You can't really complain about the Refuge du Dent d'Oche, though: everything's brought in weekly by helicopter, and the gardien makes a trip three times a week to Bernex for bread and such,carrying everything up on his back. Incredible.
We packed up and set out, climbing to the summit of the Dent d'Oche fairly easily, then descending along narrow fairly level footpaths at the edge of the precipice -- the north side of the Dent being virtually vertical -- then rounding the top to descend along an arrete, a spine of small-to-midsize exposed rock falling away on each side quite steeply.
A ridge, in fact, descending at say thirty degrees. Often we were helped by cables attached to the rock: you give up using your walking sticks, hold them both in one hand, grab the cable with the other (left in this case), swing away from the rock to the next footing, then quickly slide your hand further along the cable for the next operation.
This is fairly exhausting, but more normal descent, on scree, cobbles, and occasionally exposed soil, often stepping down six to ten inches at a step, is tiring in another way. Yesterday I was concerned about Mac; today about myself. Quadriceps and knees complained bitterly as we stepped down hundreds of meters on frustrating switchbacks, and then we were faced with another chimney, shinnying up between two stone surfaces, again with a cable to help, only to resume the switchbacks.
Ultimately all this led us to -- the GR5, the trail we intend to take south to Nice. First there was a climb of some hundreds of meters up switchbacks like those we'd just descended to a pass which seemed to define a new area: we were leaving the influence of Lac Leman and entering a different kind of Haute Savoie, a kind more like the Chartreuse we know from thirty years ago.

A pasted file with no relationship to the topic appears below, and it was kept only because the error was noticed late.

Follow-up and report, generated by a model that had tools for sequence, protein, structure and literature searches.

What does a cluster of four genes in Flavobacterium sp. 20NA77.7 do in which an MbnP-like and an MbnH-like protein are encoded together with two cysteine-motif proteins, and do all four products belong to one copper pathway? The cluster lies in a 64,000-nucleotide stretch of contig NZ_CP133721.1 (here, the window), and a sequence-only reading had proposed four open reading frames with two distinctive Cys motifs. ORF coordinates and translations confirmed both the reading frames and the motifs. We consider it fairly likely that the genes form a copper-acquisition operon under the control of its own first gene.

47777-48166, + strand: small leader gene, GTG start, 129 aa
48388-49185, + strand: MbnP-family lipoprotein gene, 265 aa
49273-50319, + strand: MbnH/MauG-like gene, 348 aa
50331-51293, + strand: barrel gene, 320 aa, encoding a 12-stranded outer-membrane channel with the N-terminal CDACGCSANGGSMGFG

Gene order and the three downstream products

A beautiful green lake beckoned to us down off the path, but visiting it would have required otherwise unnecessary descents and climbs. Didn't take long to decline that invitation.
Instead we continued, walking into a herd of at least forty bouquetins, most of them adults with long, elegantly curved horns. I suppose they might have looked menacing, but I just walked forward, parting the herd.
Next came a much gentle descent, but one which took us across occasional patches of snow, unfamiliiar footing to me but rather pleasant. We found our way next up to the Col de Bise, another demarcation, and below us but oh so far away was the day's goal, the Chalets de Bise.
One of the two chalets is a refuge run by the Alpine Club, its sleeping facilities similar to those at Dent d'Oche but less spartan. We were first to arrive so were given three lower bunkss at the end of the row, under a window.
We were invited to wash our clothes if we liked, and finally I had an opportunity for a sponge-bath. We washed the clothes in cold water in a trough, leaving a few moss-stains in my pants which in any case now have a good-sized tear on the seat -- I must have slid on something unknowingly.
And we had a decent lunch, at two o'clock, a big salad with bacon, egg, walnuts, croutons and of course lettuce, good lettuce; and a bottle of local white wine.
The Canadians arrived shortly after us, in good cheer but just as tired, and joined us for lunch; we'll dine with them in a minute. Tonight a storm is promised: good. It'll clear the air. But tomorrow may rain, and we have to walk in it for three hours or so to get to Le Chalet d'Abondance. We'll see how it goes.